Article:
In accordance with the substance of my letter to you of the 8th inst., I propose to receive the surrender of the Army of N. Va. on the following terms, to wit: Rolls of all the officers and men to be made in duplicate. One copy to be given to an officer designated by me, the other to be retained by such officer or officers as you may designate. The officers to give their individual paroles not to take up arms against the Government of the United States until properly exchanged, and each company or regimental commander sign a like parole for the men of their commands. The arms, artillery and public property to be parked and stacked, and turned over to the officer appointed by me to receive them. This will not embrace the side-arms of the officers, nor their private horses or baggage. This done, each officer and man will be allowed to return to their homes, not to be disturbed by United States authority so long as they observe their paroles and the laws in force where they may reside.
The terms were as generous as Lee could hope for; his men would not be imprisoned or prosecuted for treason. In addition to his terms, Grant also allowed the defeated men to take home their horses and mules to carry out the spring planting and provided Lee with a supply of food rations for his starving army; Lee said it would have a very happy effect among the men and do much toward reconciling the country. The terms of the surrender were recorded in a document completed around 4 p.m., April 9. As Lee left the house and rode away, Grant's men began cheering in celebration, but Grant ordered an immediate stop. "I at once sent word, however, to have it stopped," he said. "The Confederates were now our countrymen, and we did not want to exult over their downfall." Custer and other Union officers purchased from McLean the furnishings of the room Lee and Grant met in as souvenirs, emptying it of furniture. Grant soon visited the Confederate army, then he and Lee sat on the McLean home's porch and met with visitors such as Longstreet and George Pickett before the two men left for their capitals.:375
On April 10, Lee gave his farewell address to his army. The same day a six-man commission gathered to discuss a formal ceremony of surrender, even though no Confederate officer wished to go through with such an event. Brig. Gen. Joshua L. Chamberlain was the Union officer selected to lead the ceremony, and later he reflected on what he witnessed on April 12, 1865, and wrote a moving tribute:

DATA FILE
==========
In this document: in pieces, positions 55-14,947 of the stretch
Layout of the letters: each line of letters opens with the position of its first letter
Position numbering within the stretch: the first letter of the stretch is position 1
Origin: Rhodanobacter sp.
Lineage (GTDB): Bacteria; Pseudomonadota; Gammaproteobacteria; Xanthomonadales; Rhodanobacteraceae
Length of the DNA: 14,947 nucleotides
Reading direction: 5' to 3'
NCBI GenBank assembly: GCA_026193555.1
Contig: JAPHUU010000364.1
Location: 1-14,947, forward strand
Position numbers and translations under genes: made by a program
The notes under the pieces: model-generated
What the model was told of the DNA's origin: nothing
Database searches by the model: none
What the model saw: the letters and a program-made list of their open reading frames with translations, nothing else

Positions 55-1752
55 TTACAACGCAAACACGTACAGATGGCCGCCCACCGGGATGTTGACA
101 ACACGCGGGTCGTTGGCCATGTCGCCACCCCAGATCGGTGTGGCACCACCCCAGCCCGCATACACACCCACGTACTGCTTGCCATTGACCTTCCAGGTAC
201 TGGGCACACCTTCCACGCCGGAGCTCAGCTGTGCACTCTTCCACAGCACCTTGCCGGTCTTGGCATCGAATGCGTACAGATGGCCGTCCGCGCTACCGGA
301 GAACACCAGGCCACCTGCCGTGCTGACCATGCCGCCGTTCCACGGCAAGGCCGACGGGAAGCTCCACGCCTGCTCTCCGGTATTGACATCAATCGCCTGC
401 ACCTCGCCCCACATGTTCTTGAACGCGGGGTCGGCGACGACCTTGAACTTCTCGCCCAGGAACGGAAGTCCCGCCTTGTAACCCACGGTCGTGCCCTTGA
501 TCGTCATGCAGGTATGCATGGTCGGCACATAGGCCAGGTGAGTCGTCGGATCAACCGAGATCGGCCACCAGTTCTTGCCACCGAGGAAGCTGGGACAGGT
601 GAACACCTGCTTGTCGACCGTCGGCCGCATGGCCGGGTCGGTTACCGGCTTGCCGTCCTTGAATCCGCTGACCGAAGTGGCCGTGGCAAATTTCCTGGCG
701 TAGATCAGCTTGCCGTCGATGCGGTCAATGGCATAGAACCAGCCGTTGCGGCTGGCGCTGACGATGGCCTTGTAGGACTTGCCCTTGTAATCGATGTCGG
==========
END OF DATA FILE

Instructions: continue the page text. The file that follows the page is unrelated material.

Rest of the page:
The momentous meaning of this occasion impressed me deeply. I resolved to mark it by some token of recognition, which could be no other than a salute of arms. Well aware of the responsibility assumed, and of the criticisms that would follow, as the sequel proved, nothing of that kind could move me in the least. The act could be defended, if needful, by the suggestion that such a salute was not to the cause for which the flag of the Confederacy stood, but to its going down before the flag of the Union. My main reason, however, was one for which I sought no authority nor asked forgiveness. Before us in proud humiliation stood the embodiment of manhood: men whom neither toils and sufferings, nor the fact of death, nor disaster, nor hopelessness could bend from their resolve; standing before us now, thin, worn, and famished, but erect, and with eyes looking level into ours, waking memories that bound us together as no other bond;—was not such manhood to be welcomed back into a Union so tested and assured? Instructions had been given; and when the head of each division column comes opposite our group, our bugle sounds the signal and instantly our whole line from right to left, regiment by regiment in succession, gives the soldier's salutation, from the "order arms" to the old "carry"—the marching salute. Gordon at the head of the column, riding with heavy spirit and downcast face, catches the sound of shifting arms, looks up, and, taking the meaning, wheels superbly, making with himself and his horse one uplifted figure, with profound salutation as he drops the point of his sword to the boot toe; then facing to his own command, gives word for his successive brigades to pass us with the same position of the manual,—honor answering honor. On our part not a sound of trumpet more, nor roll of drum; not a cheer, nor word nor whisper of vain-glorying, nor motion of man standing again at the order, but an awed stillness rather, and breath-holding, as if it were the passing of the dead!
— Joshua L. Chamberlain, Passing of the Armies, pp. 260-61
At the surrender ceremonies, about 28,000 Confederate soldiers passed by and stacked their arms.
While General George Meade reportedly shouted that "it's all over" upon hearing the surrender was signed, Grant was aware that only a single army had given up. Roughly 175,000 Confederates remained in the field. Many of these were scattered throughout the South in garrisons while the rest were concentrated in three major Confederate commands. Just as Porter Alexander had predicted, it was only a matter of time before the other Confederate armies began to surrender. As news spread of Lee's surrender, other Confederate commanders realized that the strength of the Confederacy was fading, and decided to lay down their own arms. Gen. Joseph E. Johnston's army in North Carolina, the most threatening of the remaining Confederate armies, surrendered to Maj. Gen. William T. Sherman at Bennett Place in Durham, North Carolina on April 26. General Taylor surrendered his army at Citronelle, Alabama in early May followed by General Edmund Kirby Smith surrendering the Confederate Trans-Mississippi Department in May near New Orleans, Louisiana. Brig. Gen. Stand Watie surrendered the last sizable organized Confederate force on June 23, 1865.